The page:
toyin spellman-diaz

Imani Winds preview: celebrating the differences

Chamber Music Northwest brings the renowned wind ensemble back to Portland this week as its artists in residence

Classical music has a diversity problem. So it marked a turning point when the Portland classical music presenter Chamber Music Northwest announced that its next annual artists-in-residence — following the 2015-16 tenure of the storied Emerson Quartet, composed entirely of older white men — would be Imani Winds, a younger, equally talented and until recently, entirely black ensemble.

Bassoonist Monica Ellis, hornist /composer Jeff Scott, flutist/composer Valerie Coleman, oboist Toyin Spellman-Diaz and clarinetist Mark Dover delighted audiences at last summer’s annual summer festival. They’re also in town this week for a series of concerts, dance performances and educational and outreach programs, and will return to this summer’s Chamber Music Northwest festival.

Imani Winds returns to Chamber Music Northwest this week.

It’s not just the group’s race and age that represents greater diversity in chamber music. At last summer’s CMNW festival, Scott noted in a composers panel discussion that the group’s values arise in part from its music. Unlike the Emersons or any other string quartet,  “a wind ensemble is celebrating the differences among instruments, rather than the homophony of string or sax quartets,” he pointed out — a metaphor for Imani itself. “Chamber music, more than orchestral music, allows the individuality of the musicians to shine through to audiences, because there’s no conductor intermediary,” Scott continued. “The musicians are allowed to establish their own individuality and tradition. ”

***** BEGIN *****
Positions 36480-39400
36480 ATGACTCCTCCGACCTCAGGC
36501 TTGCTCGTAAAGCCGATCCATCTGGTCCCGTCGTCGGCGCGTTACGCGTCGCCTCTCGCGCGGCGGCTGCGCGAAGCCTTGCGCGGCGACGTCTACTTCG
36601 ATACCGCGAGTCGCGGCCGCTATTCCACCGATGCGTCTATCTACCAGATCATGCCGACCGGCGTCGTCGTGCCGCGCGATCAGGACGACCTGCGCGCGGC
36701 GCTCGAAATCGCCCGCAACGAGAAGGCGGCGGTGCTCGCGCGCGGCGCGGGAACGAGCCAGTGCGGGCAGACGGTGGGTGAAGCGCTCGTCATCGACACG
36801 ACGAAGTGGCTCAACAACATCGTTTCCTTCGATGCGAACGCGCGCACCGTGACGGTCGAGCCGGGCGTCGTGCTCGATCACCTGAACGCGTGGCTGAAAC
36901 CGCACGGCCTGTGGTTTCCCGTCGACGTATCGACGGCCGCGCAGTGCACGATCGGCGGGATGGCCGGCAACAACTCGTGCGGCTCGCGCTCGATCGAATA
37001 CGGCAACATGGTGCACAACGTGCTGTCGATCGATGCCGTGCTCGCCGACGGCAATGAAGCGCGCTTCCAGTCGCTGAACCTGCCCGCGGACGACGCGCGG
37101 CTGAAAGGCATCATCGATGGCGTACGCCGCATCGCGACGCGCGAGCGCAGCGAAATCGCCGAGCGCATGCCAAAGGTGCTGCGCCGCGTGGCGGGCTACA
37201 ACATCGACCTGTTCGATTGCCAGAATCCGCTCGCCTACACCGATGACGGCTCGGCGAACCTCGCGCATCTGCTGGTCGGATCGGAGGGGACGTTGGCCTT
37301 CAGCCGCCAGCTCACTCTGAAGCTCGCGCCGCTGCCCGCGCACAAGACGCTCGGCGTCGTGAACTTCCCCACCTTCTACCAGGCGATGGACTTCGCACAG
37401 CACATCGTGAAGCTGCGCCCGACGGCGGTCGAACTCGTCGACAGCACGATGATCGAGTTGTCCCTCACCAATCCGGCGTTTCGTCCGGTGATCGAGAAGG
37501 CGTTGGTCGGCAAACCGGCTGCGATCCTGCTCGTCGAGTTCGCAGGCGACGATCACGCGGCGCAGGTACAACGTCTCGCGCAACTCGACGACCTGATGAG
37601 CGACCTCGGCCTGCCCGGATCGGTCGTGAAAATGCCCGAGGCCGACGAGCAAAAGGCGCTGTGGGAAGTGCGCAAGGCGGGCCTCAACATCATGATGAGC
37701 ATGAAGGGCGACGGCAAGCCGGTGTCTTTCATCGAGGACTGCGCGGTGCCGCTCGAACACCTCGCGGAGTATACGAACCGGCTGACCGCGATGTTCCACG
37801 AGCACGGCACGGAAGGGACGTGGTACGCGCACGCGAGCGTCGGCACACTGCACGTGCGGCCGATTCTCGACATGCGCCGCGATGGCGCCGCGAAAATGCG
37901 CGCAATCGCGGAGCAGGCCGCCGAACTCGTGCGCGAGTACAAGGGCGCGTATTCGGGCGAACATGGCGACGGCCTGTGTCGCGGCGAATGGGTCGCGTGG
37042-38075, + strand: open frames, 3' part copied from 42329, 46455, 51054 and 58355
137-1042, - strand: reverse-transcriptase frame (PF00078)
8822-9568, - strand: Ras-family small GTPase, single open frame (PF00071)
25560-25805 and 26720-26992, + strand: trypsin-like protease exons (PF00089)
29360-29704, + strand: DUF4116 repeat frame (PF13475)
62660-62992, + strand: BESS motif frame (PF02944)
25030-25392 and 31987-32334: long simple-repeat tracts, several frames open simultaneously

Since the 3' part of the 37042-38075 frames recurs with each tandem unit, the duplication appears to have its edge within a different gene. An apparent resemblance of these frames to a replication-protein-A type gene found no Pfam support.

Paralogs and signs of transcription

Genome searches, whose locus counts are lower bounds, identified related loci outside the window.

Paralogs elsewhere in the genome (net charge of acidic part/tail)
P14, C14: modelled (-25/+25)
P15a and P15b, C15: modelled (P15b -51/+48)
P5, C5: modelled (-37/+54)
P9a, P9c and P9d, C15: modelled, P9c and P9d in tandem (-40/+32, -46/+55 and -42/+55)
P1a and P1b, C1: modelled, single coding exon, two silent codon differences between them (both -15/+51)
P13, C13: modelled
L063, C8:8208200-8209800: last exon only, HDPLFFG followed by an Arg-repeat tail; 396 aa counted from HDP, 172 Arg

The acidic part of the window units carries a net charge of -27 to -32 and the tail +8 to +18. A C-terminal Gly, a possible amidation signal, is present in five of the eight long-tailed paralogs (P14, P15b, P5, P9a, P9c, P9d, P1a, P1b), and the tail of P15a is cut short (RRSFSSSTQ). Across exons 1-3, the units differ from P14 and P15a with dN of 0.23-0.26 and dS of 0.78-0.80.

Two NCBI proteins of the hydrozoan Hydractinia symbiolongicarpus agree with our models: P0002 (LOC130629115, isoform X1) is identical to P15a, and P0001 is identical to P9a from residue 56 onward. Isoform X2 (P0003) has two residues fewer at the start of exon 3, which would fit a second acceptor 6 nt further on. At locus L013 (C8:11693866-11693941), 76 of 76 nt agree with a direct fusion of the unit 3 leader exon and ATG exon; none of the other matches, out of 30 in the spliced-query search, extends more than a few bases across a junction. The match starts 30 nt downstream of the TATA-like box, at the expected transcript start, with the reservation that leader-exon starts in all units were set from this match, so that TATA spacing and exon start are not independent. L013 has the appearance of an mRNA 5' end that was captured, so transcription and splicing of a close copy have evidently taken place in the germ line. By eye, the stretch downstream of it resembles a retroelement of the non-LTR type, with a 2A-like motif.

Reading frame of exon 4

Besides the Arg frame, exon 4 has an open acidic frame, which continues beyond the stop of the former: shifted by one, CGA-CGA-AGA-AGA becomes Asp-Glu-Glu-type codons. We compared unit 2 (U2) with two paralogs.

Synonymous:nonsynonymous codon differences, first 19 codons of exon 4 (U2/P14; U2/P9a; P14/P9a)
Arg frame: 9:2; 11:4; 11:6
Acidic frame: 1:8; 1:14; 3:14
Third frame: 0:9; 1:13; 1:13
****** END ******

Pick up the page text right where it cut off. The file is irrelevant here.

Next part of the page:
Imani’s 2017-18 residency grew out of the ensemble’s long relationship with CMNW. “We’ve been coming to Portland every two or three years for 15 years,” Scott recalls. “The audiences have been so nice to us!” says Spellman-Diaz. “It’s hard to think of nicer audiences than in Portland and Eugene.” The ensemble enjoyed their Oregon experiences so much that when artistic director David Shifrin asked if they’d be interested in becoming CMNW’s resident ensemble, Scott says, “it took about five seconds for us to say yes!”

The feeling is mutual. Since their founding in 1997, Imani has cultivated a substantial, diverse and enthusiastic audience in Oregon and beyond. Their skill as musicians plays the biggest role, of course — they’re among the finest of all chamber ensembles. But their genuinely enthusiastic, refreshingly un-canned stage charisma, and their audience-conscious programming, also encourage broader listenership than most classical music concerts’ traditionally narrow demographic. They’ve collected innumerable awards, toured the globe, given hundreds of concerts, and made eight recordings.

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